Saturday, July 02, 2022


A week ago, Doug Ford introduced his new cabinet. And, lo and behold, his nephew, Michael has a seat at the table. Marcus Gee writes:

Mr. Ford and his nephew, Michael Ford, insist there is nothing untoward in this. No, no, no. All perfectly fine. Though Michael has just been elected to the legislature for the first time, at the ripe age of 28, he is eminently qualified to sit at the cabinet table with his uncle and all the others. After all, he was a Toronto city councillor and a school trustee before that.

“I think he’ll do an extremely good job,” the Premier said.

Asked by reporters if this might just possibly be a case of nepotism, Michael himself said: “I completely dismiss that.” His experience representing one of the most diverse communities in one of the world’s most diverse cities made him well equipped to serve as Minister of Citizenship and Multiculturalism. Family ties had nothing to do with it.

Mr. Ford came to office accusing the former premier, Kathleen Wynne, of riding the gravy train and dishing out goodies to her friends. But Ford insists there's no gravy here:

This is a whopper of gargantuan proportions, designed to be so big and so bold that it will blind the audience to its essential untruth. Michael Ford owes this appointment – no, his whole political career – entirely to his family connection. He would not be in cabinet if he were a Young or a Romano. In fact, he would never have been elected to any position at all without the Ford name.

Michael is fortunate enough to be a member of Ontario’s best known political dynasty. He followed in the footsteps of his grandfather, Doug Sr., who was a Progressive Conservative MPP in the 1990s; his uncle, Rob, Toronto’s most notorious mayor; and another uncle, Doug, who was a city councillor and a candidate for mayor himself before becoming leader of the PCs.

The Fords’ home turf in North Etobicoke, a suburb in Toronto’s northwest corner, is the closest thing to a family fief in Canadian politics. A Labrador retriever named Ford could get elected there.

And, so, the story continues. . . .

Image: Nathan Denette/Canadian Press


Anonymous said...

From Michael Ford's entry in Wikipedia: "In 2014, Ford changed his surname from Stirpe to Ford, and removed Aldo from his given name.[3] His father was convicted of manslaughter in 2009 and convicted of attempted murder in 2012. He is currently incarcerated and serving an 18-year prison term for attempted murder.[4]"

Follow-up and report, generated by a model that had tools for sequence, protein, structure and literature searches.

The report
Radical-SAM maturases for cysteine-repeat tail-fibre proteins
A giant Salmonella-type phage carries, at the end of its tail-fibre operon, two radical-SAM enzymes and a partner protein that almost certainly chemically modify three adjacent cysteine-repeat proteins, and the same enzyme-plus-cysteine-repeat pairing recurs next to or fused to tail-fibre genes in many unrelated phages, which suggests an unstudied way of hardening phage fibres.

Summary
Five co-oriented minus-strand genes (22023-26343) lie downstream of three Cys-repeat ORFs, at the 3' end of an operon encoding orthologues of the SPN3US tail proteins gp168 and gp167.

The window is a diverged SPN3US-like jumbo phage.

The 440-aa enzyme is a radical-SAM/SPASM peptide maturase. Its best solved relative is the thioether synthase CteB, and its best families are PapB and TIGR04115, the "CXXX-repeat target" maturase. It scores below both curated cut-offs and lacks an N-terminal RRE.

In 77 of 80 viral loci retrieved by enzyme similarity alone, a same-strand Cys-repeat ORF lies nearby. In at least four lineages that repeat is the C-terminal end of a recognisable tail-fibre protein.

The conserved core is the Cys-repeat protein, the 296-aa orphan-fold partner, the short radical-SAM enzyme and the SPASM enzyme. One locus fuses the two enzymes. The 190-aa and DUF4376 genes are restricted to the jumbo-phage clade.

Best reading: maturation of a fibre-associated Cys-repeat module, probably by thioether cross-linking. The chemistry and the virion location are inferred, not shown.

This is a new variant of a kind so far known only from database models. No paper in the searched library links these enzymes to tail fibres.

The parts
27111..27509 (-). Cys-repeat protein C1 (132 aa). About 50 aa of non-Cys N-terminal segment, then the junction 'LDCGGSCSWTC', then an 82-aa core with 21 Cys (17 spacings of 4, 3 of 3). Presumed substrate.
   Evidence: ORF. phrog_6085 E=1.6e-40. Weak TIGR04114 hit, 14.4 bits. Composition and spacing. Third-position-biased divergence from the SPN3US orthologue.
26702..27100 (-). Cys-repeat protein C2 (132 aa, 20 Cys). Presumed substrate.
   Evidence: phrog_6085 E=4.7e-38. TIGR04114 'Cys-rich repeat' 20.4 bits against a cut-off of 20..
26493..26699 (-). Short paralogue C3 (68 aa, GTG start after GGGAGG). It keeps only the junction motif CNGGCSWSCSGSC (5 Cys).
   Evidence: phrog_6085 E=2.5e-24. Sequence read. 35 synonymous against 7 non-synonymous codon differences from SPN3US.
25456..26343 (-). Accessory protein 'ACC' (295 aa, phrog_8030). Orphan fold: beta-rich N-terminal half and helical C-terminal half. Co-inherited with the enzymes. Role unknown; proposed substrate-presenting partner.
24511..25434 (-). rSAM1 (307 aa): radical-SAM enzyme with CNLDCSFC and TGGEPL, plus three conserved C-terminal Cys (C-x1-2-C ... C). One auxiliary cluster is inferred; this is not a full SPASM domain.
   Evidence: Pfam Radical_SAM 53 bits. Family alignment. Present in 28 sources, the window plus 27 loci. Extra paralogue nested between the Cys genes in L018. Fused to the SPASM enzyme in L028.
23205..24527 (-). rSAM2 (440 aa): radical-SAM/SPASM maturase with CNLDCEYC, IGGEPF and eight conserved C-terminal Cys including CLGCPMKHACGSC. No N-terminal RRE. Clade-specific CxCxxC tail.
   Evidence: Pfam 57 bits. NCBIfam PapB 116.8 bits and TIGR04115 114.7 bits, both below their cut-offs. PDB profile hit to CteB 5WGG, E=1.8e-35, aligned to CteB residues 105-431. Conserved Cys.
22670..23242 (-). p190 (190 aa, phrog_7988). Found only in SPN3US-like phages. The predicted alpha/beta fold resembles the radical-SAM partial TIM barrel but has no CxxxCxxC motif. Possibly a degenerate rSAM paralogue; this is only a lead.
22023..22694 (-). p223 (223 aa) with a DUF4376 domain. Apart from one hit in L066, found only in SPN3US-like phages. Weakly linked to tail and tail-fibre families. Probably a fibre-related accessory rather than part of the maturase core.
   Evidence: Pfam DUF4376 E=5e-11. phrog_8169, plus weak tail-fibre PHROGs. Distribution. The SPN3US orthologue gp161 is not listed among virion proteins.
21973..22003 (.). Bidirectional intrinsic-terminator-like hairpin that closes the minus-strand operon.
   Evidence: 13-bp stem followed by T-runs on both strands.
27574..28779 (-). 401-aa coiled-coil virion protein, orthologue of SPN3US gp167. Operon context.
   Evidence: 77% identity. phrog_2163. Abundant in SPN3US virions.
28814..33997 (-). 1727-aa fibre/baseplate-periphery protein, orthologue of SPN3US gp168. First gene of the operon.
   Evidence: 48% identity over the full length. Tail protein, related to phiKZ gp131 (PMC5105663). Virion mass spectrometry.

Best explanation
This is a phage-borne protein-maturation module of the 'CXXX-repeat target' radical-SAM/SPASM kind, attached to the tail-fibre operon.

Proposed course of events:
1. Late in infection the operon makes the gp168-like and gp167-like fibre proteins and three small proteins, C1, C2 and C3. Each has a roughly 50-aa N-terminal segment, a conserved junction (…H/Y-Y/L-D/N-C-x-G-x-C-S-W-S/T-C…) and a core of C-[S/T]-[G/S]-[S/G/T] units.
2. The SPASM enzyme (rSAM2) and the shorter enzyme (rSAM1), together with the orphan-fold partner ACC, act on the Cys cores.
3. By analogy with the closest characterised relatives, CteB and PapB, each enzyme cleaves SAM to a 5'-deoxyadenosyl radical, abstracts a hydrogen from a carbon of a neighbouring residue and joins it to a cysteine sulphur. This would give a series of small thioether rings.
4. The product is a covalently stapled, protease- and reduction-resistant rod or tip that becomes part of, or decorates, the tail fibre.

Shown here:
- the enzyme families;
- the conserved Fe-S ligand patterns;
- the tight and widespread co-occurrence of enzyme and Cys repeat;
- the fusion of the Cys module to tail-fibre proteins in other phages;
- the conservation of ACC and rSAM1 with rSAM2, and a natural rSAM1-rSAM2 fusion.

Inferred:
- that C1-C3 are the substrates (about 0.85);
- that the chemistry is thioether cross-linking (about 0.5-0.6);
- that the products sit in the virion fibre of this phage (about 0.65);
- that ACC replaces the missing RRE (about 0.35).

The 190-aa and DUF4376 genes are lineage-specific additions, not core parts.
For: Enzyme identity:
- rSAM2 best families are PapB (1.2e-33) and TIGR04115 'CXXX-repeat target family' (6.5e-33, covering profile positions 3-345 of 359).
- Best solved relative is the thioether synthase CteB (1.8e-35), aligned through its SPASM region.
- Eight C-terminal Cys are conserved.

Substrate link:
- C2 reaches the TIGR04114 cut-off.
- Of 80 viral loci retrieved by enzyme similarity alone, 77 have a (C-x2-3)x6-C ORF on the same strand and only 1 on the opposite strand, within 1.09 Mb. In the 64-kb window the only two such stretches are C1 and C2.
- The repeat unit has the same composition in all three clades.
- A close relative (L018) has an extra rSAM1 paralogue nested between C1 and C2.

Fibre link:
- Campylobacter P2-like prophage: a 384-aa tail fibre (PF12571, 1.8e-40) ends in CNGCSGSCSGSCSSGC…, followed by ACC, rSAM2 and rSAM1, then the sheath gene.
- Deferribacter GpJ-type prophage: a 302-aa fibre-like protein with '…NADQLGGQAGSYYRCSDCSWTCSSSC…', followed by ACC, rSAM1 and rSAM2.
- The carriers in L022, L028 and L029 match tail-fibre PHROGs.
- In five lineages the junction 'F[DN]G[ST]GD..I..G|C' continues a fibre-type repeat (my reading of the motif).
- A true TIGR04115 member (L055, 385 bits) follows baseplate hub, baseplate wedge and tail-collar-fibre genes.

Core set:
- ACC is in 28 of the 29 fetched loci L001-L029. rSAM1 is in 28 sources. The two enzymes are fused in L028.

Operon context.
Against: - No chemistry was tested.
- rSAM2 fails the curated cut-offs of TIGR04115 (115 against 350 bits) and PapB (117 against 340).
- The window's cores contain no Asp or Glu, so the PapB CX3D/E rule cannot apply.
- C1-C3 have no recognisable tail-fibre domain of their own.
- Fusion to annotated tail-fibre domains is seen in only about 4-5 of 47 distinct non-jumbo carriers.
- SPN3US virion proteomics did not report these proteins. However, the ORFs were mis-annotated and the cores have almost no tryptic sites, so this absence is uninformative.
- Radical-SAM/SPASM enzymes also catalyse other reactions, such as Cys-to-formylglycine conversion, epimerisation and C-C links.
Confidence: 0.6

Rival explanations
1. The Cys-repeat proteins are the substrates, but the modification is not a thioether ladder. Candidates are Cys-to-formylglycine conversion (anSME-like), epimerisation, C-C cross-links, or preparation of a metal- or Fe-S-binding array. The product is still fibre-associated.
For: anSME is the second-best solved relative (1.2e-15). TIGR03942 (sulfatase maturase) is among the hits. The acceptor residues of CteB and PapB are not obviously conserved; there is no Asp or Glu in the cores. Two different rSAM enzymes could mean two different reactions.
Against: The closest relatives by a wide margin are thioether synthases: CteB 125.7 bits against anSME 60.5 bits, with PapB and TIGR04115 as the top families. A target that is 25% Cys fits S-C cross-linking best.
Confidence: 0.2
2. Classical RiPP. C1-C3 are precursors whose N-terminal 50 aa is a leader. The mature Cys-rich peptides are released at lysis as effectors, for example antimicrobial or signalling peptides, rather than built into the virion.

I'm sure Michael's high school diploma make him eminently qualified for any cabinet spot. The only surprise is that Doug didn't make him education minister. He's at least a qualified as Snobelen.


Owen Gray said...

As I recall, Cap, Doug also has a high school diploma. He didn't make it through his first year of community college. Snoblen didn't make it through high school.

Gyor said...

Not a fan of all the educational snobbery, don't get me wrong Snoblen was an awful education minister, not because of his education level, but because of his idealogy and destructive behavior.

Owen Gray said...

I understand, Gyor. But putting a high school dropout in charge of the Ministry of Education sends a message about how much the government values education.

Marie Snyder said...

It reminds me of when Harper made Kellie Leitch the Minister for the Status of Women, and she argued vehemently against removing the tax on menstrual products because it's not fair that women should get something extra that men don't get!! Being female didn't make her remotely qualified for a job advancing women, definitely, but it would have been even worse had he put a man in that position. Being part of a group that has a lived understanding should be a necessary condition of a ministerial job, even though it's clearly not a sufficient condition. A white guy running the multicultural portfolio and a private school and homeschool team running the education portfolio further illuminates Ford's willful incompetence as a leader.

Owen Gray said...

It seems that the chief qualification for a ministry these days, Marie, is to know nothing about it.